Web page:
Keeping It Real: Why I Like People More During the Coronavirus

Canva - Woman Sitting on Wooden Planks

A funny thing has happened since the COVID-19 pandemic has taken over our world. While my interactions with humans (other than my immediate family) have been on average, zero, I have come to see so much good in people lately…from a distance that is. Not just good in the traditional “good deed doer” sense- although there has been plenty of that- I’m looking at you, healthcare workers! I mean good, in the real, raw, “that’s how you should act as a flawed, authentic, human” way.  It’s hard to be “fake” or “phony” when you are in crisis mode.

Throughout my life, I’ve come to realize that my circle of friends stays pretty small and close knit. I may have lots of acquaintances in my day to day activities, but I keep the friend list to a minimum. When I do slide someone new into the friend category, I do it selectively. It has to be someone I consider genuine and able to share their real flaws, emotions, and feelings with me. I don’t know how to do surface or fake friendships well. I am my most uncomfortable in a big group setting where I have to pretend to be interested in someone’s “on” or “polished” version of his or herself. I imagine this is why I work with kids. They are honest to a fault. They tell it like it is. They show every emotion that they feel, which I love.

That is what I’ve noticed about people since this whole Coronavirus things has started. People are scared, frustrated, sad, messy, anxious, and they are expressing it. No one has the energy to pretend to have it all together anymore. No beautifully edited vacation pictures filling up my social media. No perfectly styled family portraits with the caption “they’re my whole world.” And no filtered out version of people dressed up for big events. We are just all hot messes and owning it.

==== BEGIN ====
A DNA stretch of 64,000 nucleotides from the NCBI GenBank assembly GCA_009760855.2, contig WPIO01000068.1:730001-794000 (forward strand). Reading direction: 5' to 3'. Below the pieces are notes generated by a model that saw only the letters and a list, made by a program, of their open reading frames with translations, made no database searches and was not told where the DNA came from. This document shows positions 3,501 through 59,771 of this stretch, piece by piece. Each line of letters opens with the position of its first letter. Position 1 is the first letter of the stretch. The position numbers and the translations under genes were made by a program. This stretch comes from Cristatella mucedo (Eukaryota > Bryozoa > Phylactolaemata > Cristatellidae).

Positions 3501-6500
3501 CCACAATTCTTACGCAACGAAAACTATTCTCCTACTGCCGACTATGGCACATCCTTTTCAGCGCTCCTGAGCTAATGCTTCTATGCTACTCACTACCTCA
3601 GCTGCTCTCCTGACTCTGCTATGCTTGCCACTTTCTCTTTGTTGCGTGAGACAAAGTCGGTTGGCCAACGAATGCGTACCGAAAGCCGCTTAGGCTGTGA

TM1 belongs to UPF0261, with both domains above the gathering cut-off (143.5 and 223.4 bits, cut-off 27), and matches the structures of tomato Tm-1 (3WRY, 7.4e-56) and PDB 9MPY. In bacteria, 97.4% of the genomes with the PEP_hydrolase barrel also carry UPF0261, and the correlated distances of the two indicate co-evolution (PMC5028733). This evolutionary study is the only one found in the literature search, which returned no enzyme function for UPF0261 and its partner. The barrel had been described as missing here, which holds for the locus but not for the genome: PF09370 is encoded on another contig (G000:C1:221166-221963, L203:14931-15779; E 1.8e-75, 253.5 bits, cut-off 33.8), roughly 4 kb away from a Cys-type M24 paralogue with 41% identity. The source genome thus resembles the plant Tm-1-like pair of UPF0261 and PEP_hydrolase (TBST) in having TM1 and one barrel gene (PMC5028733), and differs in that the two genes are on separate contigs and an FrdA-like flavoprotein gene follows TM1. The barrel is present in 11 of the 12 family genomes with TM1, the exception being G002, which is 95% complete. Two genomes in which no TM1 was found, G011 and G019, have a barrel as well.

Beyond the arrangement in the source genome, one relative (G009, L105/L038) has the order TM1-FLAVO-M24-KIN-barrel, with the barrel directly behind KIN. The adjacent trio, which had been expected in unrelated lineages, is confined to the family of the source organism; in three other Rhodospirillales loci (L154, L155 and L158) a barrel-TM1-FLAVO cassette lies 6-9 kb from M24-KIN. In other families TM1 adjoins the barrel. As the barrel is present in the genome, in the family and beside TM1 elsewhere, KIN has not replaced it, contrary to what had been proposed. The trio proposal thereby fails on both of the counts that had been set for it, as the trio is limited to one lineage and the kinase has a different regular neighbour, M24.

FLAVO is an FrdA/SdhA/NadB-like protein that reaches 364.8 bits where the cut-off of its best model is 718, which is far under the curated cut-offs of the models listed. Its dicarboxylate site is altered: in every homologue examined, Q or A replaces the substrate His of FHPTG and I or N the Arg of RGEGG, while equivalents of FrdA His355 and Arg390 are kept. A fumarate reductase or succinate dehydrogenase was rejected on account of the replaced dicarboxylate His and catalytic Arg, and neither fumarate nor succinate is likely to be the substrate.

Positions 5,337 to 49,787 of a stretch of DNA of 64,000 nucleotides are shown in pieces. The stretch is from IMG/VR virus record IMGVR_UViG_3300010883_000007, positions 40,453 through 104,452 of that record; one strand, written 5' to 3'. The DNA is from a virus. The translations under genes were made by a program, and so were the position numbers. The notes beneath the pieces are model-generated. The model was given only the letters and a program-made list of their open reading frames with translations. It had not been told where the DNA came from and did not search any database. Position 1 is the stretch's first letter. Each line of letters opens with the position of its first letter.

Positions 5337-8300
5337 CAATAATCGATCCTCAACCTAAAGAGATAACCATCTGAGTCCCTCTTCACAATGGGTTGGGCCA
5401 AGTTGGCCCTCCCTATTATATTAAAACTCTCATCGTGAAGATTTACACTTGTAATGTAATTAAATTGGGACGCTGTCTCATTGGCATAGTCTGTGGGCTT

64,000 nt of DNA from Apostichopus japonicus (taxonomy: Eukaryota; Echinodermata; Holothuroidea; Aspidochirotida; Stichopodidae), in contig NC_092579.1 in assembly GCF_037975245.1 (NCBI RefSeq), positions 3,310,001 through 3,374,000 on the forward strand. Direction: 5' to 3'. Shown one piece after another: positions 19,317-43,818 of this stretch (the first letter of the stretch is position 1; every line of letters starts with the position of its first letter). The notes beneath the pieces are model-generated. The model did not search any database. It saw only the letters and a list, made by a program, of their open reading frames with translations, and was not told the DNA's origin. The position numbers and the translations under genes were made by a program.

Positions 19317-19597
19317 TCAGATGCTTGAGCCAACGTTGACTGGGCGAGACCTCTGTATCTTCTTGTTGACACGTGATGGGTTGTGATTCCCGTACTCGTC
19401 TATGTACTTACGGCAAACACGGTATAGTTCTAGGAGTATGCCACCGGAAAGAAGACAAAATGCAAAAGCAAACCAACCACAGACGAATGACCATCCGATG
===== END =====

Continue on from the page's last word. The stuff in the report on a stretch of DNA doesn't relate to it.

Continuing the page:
While I would never wish long term suffering on anyone (not even the fakest of fake Kardashians), I can’t help feeling so much more connected to people throughout this whole experience. Whether it’s the common bond of going through such an unprecedented crisis with my fellow human, or the fact that the veil of perfection finally has permission to come off, I can see so much more good in people. We are sharing our fears of job losses. We are commiserating about the hardships of homeschooling. And we are cheering each other up with endless, laugh or you will cry at the situation, memes. We are acting like real people, and it gives me hope.